Servir: “To serve”.
The meaning ‘to serve’ was at the forefront of what NASA and the U.S. Agency for International Development set out to do when SERVIR was formed in 2005. Today, the program works in over 50 countries, partnering with leading technical organizations in Asia, Africa, and the Americas to apply satellite data to development challenges.
With international hubs in Colombia, Niger, Kenya, Nepal, and Thailand, SERVIR is paving the way for geospatial and scientific capacity building in developing nations, and one of the open-source tools in their tool kit is the versatile and highly-scalable Google Earth Engine (GEE).
We wanted to find out a little bit more about how SERVIR uses GEE, so we sat down recently with Daniel Irwin, Global Program Manager at SERVIR, and Emil Cherrington, the Regional Science Coordination Lead for SERVIR-West Africa to find out more.
How does SERVIR support decision-making?
Dan: What’s exciting about SERVIR is that it’s a demand-driven program. We work across several themes: food security and agriculture, land cover and land use, water resources, and disasters.
Our first step is to work with end users, understanding who they are and the problems they face in those areas. This process identifies what the biggest issues are in the regions where we work, including key information gaps for decision making. After the needs assessment, we take advantage of the best available tools in our toolbox to co-develop relevant services that meet those user needs.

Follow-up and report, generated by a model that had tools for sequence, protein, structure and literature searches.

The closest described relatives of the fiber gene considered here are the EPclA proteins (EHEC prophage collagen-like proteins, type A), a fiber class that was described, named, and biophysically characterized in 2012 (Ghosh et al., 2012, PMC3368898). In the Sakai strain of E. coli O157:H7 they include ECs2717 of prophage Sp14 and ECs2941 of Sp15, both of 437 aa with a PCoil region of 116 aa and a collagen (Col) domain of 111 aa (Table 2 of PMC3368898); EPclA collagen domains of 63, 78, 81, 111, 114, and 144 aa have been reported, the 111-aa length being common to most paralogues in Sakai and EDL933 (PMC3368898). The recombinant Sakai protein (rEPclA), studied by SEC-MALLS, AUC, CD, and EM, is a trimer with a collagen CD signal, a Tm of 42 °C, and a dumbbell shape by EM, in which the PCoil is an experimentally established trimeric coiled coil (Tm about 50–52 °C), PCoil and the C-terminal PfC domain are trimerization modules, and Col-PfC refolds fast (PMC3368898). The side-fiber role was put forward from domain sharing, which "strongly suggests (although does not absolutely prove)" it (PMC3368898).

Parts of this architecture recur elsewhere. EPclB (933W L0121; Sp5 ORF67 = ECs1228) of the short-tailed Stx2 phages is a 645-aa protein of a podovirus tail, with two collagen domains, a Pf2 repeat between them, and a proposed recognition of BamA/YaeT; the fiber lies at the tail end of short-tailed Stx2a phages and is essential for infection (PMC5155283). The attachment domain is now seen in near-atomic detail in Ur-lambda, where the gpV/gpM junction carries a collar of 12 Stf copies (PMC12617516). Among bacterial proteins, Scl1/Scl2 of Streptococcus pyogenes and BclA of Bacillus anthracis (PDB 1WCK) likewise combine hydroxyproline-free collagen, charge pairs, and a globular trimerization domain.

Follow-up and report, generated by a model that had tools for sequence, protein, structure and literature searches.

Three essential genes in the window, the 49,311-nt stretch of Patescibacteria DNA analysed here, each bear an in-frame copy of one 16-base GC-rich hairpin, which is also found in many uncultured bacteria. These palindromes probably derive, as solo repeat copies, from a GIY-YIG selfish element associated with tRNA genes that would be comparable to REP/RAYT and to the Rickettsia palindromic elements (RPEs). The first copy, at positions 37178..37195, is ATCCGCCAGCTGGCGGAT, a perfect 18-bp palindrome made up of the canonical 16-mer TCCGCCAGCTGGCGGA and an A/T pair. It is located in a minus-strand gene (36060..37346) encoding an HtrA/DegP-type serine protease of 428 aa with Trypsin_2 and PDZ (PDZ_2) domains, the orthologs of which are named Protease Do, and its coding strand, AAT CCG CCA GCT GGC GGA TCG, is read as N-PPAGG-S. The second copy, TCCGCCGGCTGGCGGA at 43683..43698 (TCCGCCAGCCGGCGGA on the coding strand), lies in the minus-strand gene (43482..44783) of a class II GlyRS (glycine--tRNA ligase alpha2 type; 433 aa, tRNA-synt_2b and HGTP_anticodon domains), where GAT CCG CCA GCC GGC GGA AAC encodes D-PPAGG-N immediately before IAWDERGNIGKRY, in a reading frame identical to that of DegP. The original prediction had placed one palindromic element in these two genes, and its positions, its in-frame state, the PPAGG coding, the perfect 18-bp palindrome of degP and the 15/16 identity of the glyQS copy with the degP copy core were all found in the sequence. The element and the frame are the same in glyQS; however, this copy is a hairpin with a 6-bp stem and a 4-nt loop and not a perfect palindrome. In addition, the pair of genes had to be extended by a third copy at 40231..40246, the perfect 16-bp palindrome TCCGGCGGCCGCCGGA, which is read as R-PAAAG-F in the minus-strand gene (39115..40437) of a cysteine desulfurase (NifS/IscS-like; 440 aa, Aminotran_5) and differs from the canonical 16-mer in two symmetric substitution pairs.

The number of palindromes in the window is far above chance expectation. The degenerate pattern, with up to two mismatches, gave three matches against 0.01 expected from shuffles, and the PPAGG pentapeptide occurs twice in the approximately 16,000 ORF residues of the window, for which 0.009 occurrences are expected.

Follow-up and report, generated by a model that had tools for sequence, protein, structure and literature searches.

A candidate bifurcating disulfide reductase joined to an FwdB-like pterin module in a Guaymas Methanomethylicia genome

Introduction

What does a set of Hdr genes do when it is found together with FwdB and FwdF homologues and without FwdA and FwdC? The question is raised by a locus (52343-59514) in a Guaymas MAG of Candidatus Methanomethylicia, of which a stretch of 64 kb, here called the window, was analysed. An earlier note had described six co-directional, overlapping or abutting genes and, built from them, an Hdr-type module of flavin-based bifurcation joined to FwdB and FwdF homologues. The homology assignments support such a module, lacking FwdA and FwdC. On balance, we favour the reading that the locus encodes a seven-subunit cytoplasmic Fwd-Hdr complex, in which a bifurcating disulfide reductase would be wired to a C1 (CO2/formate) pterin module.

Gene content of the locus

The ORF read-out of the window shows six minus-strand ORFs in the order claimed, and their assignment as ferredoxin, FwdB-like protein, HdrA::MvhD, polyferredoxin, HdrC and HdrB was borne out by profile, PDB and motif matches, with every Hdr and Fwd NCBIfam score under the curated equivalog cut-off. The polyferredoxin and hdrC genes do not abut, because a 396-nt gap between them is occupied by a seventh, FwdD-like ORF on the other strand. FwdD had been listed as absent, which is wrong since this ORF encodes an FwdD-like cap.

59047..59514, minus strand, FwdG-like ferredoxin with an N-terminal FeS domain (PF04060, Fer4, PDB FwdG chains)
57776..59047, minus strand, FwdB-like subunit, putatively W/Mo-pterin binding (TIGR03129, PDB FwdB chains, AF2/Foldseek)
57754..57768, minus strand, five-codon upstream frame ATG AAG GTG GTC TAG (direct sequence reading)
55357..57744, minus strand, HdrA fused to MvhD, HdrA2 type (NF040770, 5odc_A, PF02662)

What role does Google Earth Engine play at SERVIR hubs?
Dan: Among other technologies, the SERVIR hubs leverage GEE as a backbone for several services. For example, the SERVIR West Africa Hub has implemented a service where they monitor ephemeral water levels using Landsat and Sentinel 2 data ingested into GEE.
Since the Sahel region of West Africa is so arid, pastoralists living there rely on seasonal ponds to feed their livestock. The SERVIR West Africa team has built a platform on GEE to display and understand how these water bodies are changing. They then share this information with the pastoral communities in the Ferlo region of Senegal to help inform their decision-making. That team is also working to scale up the project for other parts of West Africa.
Emil: In general, simplified classification processes have the most impact from our perspective. Compared to using desktop GIS tools, GEE makes automating operations easier, and it also provides direct access to the Earth observation data inputs being used. This means multiple types of classifiers can be run much more quickly. This has changed how SERVIR Mekong approaches land cover mapping, and enabled the region to have consistent, up-to-date land cover maps.
Also, many of the regions we work in have trouble with bandwidth, so downloading datasets or running lots of things at the same time isn’t always possible. Being able to save assets on the cloud saves time for trainers and helps us run smoother training workshops.
What features would you like to see added into GEE into the future?
Emil: Adding in functionality that alerts you when new data has been added would be amazing. That way, you could know that there is new data to play with for your area without you having to go in and check manually.
How does GEE impact your work?
EO Data Science has partnered with Google Earth and the Group on Earth Observations to launch the GEO-Google Earth Engine Program which supports GEO member countries by helping to operationalise their science as they strive to tackle the world’s biggest sustainable development challenges. The program provides dedicated Google Earth Engine licensing for two years for up to 25 projects worth USD $3 million, along with dedicated support and outreach services to help implement earth observations.
Do you have a #GEEImpact story you’d like to share with our team? Get in touch!
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